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Re: use-after-free on log replay failure

To: Brian Foster <bfoster@xxxxxxxxxx>
Subject: Re: use-after-free on log replay failure
From: Dave Chinner <david@xxxxxxxxxxxxx>
Date: Fri, 15 Aug 2014 08:27:56 +1000
Cc: Alex Lyakas <alex@xxxxxxxxxxxxxxxxx>, xfs@xxxxxxxxxxx
Delivered-to: xfs@xxxxxxxxxxx
In-reply-to: <20140814190521.GA51682@xxxxxxxxxxxxxxx>
References: <20140811132057.GA1186@xxxxxxxxxxxxxxx> <20140811215207.GS20518@dastard> <20140812120341.GA46654@xxxxxxxxxxxxxxx> <DC407F6E8F8C4EE1AF7117D7D6ABF282@alyakaslap> <20140812235615.GB20518@dastard> <20140813125932.GA4605@xxxxxxxxxxxxxxx> <20140813205929.GE20518@dastard> <20140813232135.GB8456@xxxxxxxxxxxxxx> <20140814061444.GH20518@dastard> <20140814190521.GA51682@xxxxxxxxxxxxxxx>
User-agent: Mutt/1.5.21 (2010-09-15)
On Thu, Aug 14, 2014 at 03:05:22PM -0400, Brian Foster wrote:
> On Thu, Aug 14, 2014 at 04:14:44PM +1000, Dave Chinner wrote:
> > On Wed, Aug 13, 2014 at 07:21:35PM -0400, Brian Foster wrote:
> > > On Thu, Aug 14, 2014 at 06:59:29AM +1000, Dave Chinner wrote:
> > > > On Wed, Aug 13, 2014 at 08:59:32AM -0400, Brian Foster wrote:
> > > > > Perhaps I'm missing some context... I don't follow how removing the
> > > > > error check doesn't solve the problem. It clearly closes the race and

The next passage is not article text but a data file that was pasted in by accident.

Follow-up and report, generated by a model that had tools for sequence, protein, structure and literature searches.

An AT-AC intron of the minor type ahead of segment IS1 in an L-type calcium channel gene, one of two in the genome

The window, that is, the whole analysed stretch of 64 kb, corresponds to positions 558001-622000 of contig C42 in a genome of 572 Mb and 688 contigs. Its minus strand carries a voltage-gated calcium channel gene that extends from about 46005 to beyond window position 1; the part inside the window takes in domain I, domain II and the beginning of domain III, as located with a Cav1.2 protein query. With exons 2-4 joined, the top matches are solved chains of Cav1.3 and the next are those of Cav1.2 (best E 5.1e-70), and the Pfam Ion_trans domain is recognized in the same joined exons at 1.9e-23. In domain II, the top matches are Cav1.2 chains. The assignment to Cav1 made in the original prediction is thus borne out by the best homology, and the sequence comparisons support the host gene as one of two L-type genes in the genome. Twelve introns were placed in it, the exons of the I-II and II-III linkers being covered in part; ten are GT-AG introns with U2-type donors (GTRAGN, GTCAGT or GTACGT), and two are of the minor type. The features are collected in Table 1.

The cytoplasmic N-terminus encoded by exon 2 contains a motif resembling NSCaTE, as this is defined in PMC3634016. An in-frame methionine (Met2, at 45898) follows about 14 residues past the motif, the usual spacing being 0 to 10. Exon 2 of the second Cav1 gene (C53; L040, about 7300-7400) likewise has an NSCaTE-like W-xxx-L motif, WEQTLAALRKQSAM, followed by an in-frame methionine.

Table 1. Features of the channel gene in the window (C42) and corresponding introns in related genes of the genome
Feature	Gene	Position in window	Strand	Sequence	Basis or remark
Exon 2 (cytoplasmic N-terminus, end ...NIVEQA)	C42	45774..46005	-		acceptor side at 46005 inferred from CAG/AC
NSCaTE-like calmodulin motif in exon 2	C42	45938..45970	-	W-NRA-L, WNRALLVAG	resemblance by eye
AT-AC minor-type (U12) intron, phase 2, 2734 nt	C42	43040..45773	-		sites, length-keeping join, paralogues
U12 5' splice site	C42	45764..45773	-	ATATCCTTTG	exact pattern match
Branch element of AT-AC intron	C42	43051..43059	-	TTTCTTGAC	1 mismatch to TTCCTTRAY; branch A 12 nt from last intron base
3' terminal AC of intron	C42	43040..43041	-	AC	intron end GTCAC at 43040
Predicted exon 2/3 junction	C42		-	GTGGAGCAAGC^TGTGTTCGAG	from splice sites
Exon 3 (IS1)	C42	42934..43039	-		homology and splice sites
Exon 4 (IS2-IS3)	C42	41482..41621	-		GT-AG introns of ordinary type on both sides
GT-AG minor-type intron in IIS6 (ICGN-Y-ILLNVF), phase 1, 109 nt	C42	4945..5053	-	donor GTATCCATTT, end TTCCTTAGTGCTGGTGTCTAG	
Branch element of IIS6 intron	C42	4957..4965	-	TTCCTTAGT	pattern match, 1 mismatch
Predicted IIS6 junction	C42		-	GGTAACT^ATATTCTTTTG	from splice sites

> > > > > perhaps there are other means of doing the same thing, but what part 
> > > > > of
> > > > > the problem does that leave unresolved?
> > > > 
> > > > Anything that does:
> > > > 
> > > >         xfs_buf_iorequest(bp);
> > > >         if (bp->b_error)
> > > >                 xfs_buf_relse(bp);
> > > > 
> > > > is susceptible to the same race condition. based on bp->b_error
> > > > being set asynchronously and before the buffer IO completion
> > > > processing is complete.
> > > > 
> > > 
> > > Understood, by why would anything do that (as opposed to
> > > xfs_buf_iowait())? I don't see that we do that anywhere today
> > > (the check buried within xfs_buf_iowait() notwithstanding of course).
> > 
> > "Why" is not important - the fact is the caller *owns* the buffer
> > and so the above fragment of code is valid behaviour. If there is
> > an error on the buffer after xfs_buf_iorequest() request returns on
> > a synchronous IO, then it's a bug if there is still IO in progress
> > on that buffer.
> > 
> A buffer can consist of multiple I/Os, yes? If so, then it seems quite
> possible for one I/O to fail and set an error on the buffer while
> another might still be in progress. I don't see how that can be
> considered a bug in general.

You miss my point. We have to mark the buffer with an error, but it
should not be visible to the submitter until all IO on the buffer
is done. i.e. setting bp->b_error from the completion path
needs to be deferred until xfs_buf_iodone_work() is run after all
submitted IOs on the buffer have completed.

> Even if not, I'd expect to see a comment explaining why any code
> fragment such as the above is not broken because that's not
> deterministic at all, even with a single I/O. E.g., the error could very
> well have been set by the callback where we clearly continue I/O
> processing so-to-speak (though we could consider where we currently set
> the error in the callback sequence a bug as well).

Chicken, meet Egg.

There's no comment saying the above code is OK or not because we
assume that if we hold the buffer lock it is safe to look at any
state on the buffer at any time. What this thread points out is that